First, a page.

A significant advantage of the present invention over existing weighted gloves is that the back-hand weights can be removed and inserted without removing or loosening the glove. This is particularly beneficial for individuals having difficulties with hand strength or manual dexterity. Further, a weight can easily be placed into the palm pocket and interchanged with weights of various size and mass.

Thus, a unique weighted therapeutic glove is now provided that successfully addresses the shortcomings of existing gloves and provides distinct advantages over such gloves. Additional objects, features, and advantages of the invention will become more apparent upon review of the detailed description set forth below when taken in conjunction with the accompanying drawing figures, which are briefly described as follows.

BRIEF DESCRIPTION OF THE DRAWINGS

FIG. 1 is a top view of an embodiment of a weighted therapeutic glove made in accordance with the present invention.

FIG. 2 is a bottom view of another embodiment of the glove of the present invention.

FIG. 3 is a top view of the glove of disposed on a wearer's hand.

FIG. 4 is a top view of the glove illustrating back-hand pockets and flaps in open and closed positions.

FIGS. 5A and B are perspective views of first weights.

FIG. 6 is a partial perspective view of the glove illustrating a palm pocket.

FIGS. 7A and B are partial top views of a right-handed glove made in accordance with the present invention illustrating an adjustment strap.

DETAILED DESCRIPTION OF THE INVENTION

For a more complete understanding of the present invention, reference should be made to the following detailed description taken in connection with the accompanying drawings, wherein like reference numerals designate corresponding parts throughout the several figures. Referring first to FIGS. 1 and 2, a weighted therapeutic glove 10 has a back-hand side 12, a palm side 14, a thumb opening 16, and at least one finger opening 18. Positioned on the backhand side 12 are back-hand pockets 20 for removably receiving first weights 22. The back-hand pockets 20 are oriented to open on the back-hand side 12 proximate the thumb opening 16 so that the first weights 22 are insertable from a direction of the at least one thumb opening 16 substantially laterally to the ulnar edge 24 of a wearer's hand 2. On the palm side 14, a palm pocket 26 is provided for removably and containably receiving one or more second weights 28.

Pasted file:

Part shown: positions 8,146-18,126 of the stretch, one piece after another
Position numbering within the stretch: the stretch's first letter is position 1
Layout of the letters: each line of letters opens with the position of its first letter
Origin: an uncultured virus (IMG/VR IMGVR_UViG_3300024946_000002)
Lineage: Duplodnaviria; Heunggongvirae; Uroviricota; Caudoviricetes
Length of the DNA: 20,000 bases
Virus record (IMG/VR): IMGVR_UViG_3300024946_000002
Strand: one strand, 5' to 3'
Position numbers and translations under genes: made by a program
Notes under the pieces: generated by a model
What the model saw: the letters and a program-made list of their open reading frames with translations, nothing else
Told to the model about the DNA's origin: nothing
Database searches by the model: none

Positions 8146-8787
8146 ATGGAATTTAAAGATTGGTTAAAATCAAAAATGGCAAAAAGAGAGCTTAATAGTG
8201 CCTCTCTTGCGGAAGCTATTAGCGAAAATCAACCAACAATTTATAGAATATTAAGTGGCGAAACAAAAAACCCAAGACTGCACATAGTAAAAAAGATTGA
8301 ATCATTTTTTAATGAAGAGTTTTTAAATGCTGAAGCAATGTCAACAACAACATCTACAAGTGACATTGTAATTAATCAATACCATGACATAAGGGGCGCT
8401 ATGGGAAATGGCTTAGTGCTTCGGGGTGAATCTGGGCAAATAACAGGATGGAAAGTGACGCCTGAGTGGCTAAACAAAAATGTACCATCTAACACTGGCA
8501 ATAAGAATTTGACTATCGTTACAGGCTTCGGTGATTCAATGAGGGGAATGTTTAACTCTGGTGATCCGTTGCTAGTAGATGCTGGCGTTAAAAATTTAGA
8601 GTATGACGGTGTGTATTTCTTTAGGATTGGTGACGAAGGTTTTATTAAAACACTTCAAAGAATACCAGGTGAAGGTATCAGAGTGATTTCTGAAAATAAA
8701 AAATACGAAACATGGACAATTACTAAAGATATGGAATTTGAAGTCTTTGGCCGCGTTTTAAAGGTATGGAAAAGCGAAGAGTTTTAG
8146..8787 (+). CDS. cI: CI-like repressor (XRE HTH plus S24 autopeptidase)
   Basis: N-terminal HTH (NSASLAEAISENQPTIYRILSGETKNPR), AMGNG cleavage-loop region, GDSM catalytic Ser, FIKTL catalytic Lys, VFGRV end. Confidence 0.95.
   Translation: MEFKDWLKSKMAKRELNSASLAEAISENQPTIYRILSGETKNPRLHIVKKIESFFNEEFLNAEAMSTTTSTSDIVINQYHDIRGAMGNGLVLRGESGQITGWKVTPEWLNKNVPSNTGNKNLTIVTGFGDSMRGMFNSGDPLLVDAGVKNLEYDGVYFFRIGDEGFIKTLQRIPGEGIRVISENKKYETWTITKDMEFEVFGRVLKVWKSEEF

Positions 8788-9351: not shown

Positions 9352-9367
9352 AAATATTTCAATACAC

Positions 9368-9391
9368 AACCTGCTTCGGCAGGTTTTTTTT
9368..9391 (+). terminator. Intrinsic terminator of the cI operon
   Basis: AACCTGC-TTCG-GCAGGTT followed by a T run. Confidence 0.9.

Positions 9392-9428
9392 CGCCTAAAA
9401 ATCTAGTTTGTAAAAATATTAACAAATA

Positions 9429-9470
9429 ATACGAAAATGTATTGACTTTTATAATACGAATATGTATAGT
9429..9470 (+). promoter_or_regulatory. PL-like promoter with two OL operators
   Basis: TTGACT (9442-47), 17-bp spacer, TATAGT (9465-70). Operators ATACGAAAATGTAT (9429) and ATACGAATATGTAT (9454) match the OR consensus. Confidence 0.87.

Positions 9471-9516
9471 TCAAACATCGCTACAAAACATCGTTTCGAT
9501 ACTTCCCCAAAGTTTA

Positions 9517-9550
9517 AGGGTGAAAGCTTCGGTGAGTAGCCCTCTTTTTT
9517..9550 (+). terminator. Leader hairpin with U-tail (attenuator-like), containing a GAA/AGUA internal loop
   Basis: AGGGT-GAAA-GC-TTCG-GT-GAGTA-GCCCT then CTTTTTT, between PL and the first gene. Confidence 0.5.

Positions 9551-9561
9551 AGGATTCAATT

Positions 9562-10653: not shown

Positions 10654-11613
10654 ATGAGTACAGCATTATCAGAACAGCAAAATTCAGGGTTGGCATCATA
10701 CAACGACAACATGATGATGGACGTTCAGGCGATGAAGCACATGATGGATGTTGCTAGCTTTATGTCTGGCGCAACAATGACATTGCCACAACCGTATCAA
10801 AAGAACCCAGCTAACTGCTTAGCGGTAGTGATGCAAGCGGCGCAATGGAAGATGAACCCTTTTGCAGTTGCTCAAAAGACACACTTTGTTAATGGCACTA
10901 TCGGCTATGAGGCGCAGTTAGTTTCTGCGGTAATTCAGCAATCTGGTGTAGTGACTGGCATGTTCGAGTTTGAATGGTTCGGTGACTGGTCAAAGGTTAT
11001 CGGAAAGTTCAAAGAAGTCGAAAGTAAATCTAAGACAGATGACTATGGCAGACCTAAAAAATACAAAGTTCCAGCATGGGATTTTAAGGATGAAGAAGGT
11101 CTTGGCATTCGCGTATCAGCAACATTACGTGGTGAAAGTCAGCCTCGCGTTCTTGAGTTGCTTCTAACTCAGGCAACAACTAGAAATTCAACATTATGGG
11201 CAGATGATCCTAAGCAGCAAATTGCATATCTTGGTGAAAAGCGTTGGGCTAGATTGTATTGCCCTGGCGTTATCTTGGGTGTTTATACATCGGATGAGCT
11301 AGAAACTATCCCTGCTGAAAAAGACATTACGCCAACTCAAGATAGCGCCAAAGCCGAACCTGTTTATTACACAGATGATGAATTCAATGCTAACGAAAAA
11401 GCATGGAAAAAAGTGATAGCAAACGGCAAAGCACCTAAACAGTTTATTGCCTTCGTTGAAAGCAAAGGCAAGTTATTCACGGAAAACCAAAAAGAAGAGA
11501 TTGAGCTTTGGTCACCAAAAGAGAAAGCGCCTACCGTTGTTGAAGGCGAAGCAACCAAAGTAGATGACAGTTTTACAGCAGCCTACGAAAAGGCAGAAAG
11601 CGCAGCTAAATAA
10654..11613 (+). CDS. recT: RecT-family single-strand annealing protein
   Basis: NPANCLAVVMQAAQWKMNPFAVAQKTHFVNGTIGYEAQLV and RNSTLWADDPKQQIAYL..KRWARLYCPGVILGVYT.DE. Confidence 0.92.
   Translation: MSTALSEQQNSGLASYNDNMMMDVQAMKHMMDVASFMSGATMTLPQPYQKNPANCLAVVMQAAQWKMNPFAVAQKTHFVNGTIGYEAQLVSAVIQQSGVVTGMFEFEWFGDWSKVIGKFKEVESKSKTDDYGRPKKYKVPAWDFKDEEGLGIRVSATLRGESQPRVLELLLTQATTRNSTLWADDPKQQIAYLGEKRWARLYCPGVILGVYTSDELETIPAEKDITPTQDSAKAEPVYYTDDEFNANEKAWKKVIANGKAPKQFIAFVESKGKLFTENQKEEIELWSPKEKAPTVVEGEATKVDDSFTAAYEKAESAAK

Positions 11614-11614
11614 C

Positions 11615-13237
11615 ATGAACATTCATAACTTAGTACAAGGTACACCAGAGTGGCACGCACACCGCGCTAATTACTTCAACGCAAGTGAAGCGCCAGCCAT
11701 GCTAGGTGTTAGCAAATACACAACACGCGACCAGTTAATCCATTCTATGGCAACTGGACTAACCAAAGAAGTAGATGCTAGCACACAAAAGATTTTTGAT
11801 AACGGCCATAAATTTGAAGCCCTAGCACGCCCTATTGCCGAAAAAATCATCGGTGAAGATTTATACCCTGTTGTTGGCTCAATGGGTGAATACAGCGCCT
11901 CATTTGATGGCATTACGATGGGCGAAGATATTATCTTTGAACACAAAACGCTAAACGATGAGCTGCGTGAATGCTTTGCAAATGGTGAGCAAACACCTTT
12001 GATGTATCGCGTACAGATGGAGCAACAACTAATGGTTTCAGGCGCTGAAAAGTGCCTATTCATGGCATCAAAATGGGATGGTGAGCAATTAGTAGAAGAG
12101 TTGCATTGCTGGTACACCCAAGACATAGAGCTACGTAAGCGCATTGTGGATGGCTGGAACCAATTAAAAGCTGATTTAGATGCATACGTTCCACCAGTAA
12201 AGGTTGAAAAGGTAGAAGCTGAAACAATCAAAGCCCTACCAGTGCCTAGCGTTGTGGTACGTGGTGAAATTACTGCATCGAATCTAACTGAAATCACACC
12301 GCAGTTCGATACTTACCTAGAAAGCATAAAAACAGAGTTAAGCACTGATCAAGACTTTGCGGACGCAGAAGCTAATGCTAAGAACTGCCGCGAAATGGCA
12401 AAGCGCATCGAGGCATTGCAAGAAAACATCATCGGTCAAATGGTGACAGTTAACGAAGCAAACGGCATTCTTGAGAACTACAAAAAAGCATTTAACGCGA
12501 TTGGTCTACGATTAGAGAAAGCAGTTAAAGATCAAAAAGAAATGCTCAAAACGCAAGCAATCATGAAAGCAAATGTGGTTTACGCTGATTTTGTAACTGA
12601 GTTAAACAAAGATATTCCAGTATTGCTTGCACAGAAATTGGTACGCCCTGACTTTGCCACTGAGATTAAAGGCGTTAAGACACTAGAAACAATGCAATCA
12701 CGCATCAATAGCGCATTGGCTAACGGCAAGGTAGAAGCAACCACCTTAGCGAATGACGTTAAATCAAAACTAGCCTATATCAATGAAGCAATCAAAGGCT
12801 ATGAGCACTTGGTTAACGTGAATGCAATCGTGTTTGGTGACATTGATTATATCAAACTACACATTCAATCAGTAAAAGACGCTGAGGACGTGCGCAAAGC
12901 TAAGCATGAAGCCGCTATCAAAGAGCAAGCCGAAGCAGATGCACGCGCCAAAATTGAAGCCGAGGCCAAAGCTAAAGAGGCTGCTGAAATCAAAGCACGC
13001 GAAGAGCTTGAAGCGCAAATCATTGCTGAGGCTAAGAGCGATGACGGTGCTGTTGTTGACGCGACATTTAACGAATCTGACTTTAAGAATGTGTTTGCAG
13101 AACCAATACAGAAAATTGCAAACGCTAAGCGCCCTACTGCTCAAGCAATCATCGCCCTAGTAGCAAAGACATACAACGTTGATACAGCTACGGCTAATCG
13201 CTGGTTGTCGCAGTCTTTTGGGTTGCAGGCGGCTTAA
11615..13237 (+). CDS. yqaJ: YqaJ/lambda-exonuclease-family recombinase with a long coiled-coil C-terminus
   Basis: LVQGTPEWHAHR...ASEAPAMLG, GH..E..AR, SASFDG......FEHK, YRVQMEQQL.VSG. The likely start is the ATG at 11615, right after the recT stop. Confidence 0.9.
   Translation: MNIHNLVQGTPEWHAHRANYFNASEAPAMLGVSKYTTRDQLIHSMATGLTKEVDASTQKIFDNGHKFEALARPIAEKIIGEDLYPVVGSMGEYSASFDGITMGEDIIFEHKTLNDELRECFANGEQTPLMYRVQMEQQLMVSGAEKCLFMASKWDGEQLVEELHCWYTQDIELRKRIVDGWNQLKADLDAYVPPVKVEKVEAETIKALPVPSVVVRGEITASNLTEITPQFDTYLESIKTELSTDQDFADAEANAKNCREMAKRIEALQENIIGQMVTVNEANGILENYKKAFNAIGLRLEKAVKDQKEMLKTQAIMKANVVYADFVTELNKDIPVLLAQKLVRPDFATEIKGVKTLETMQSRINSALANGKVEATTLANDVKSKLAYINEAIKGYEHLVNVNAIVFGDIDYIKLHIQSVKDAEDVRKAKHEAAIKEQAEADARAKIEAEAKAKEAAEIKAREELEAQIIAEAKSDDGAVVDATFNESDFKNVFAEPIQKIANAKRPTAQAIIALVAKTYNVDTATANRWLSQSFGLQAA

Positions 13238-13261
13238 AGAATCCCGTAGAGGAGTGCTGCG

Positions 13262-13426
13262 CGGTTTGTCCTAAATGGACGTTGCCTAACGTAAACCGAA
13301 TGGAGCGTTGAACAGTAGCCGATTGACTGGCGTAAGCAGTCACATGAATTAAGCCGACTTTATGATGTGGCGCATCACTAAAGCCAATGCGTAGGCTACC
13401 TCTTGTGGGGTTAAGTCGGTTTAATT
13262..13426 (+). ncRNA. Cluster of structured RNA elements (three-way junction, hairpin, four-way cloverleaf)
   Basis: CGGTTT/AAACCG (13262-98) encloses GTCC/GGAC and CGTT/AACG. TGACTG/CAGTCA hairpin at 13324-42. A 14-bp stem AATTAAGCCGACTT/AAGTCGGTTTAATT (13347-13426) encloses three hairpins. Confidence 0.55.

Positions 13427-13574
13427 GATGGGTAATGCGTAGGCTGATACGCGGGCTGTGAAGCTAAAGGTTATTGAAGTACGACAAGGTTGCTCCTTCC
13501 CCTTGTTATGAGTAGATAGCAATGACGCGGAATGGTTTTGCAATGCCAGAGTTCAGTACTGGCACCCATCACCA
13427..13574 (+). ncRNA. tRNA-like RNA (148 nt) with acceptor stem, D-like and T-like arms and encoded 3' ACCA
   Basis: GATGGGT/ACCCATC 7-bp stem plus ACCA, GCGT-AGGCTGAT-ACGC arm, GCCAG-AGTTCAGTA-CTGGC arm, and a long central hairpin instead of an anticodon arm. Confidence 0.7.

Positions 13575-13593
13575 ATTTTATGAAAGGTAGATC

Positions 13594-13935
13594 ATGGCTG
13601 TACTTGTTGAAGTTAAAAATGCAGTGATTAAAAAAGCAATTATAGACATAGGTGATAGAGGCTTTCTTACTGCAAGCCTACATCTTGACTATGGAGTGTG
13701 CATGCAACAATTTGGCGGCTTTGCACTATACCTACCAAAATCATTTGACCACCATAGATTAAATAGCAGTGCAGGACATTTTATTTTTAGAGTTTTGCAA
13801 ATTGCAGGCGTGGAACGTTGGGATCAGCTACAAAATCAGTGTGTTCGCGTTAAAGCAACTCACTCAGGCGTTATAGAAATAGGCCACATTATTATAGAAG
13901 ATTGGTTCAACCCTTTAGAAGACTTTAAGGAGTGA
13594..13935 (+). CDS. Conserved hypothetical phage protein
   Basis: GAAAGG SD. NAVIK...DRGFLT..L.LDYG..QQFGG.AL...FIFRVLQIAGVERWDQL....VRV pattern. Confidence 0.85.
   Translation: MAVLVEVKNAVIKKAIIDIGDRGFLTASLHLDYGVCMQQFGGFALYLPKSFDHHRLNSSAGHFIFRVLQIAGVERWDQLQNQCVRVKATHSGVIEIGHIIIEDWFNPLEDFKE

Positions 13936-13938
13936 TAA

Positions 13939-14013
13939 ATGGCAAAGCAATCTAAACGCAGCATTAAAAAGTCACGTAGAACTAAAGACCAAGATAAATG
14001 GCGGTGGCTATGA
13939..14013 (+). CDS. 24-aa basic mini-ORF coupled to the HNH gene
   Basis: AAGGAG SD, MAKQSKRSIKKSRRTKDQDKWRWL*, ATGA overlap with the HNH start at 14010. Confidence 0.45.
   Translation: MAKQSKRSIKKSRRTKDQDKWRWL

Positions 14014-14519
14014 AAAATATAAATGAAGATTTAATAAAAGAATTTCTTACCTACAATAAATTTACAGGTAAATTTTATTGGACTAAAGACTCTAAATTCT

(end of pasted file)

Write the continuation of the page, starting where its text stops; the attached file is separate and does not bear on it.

Referring additionally to FIGS. 3, 4, and 5A and B, one or more flaps 30 are positioned on the back-hand side 12 proximate the back-hand pockets 20. Each flap 30 is movable from an open position 32 to a closed position 34 for removably enclosing the first weights 22 respectively within the back-hand pockets 20. Hook and loop material is respectively provided on the flap 30 and the back-hand side 12 to removably retain the flap 30 in the closed position 34. Preferably, the first weights 22 are rectangularly shaped bars. The first weight 22 can be made from any desired material, with lead or an alloy thereof being preferred. As indicated in FIG. 5A, the first weights 22 can be curved to simulate the lateral curvature of the back of an individual's hand (not shown), or as indicated in FIG. 5B, the first weight 22 can be flat. The first weights 22 are also preferably coated to provide a protective barrier for preventing lead exposure to the wearer. For example, such coatings can include carbon and silicone based polymeric coatings and ceramic coatings.

As illustrated on FIGS. 2 and 6, the palm pocket 26 can be a pocket in the traditional sense, such as, the back-hand pocket 20. Preferably, the palm pocket 26 comprises at least one sleeve 32 affixed to the palm side 14 for receiving the second weight 28. The sleeves 32 of the palm pocket 26 are open-ended and formed from a heavy-duty elastic material. As indicated in FIG. 6, the sleeves 32 are substantially cylindrically-shaped with the diameter thereof less than the cross-sectional diameter of the second weight 28. As the second weight 28 is inserted into the respective sleeve 32, the sleeve 32 stretches to form a releasable grip on the second weight 28. Although the grip on the second weight 28 should be tight enough to secure the at least one second weight 28 within the sleeve 32, it should not prevent withdrawal therefrom by the wearer. As indicated in FIG. 6, the second weights 28 are cylindrically shaped bars manufactured from the same materials at the first weights 22 and are likewise coated.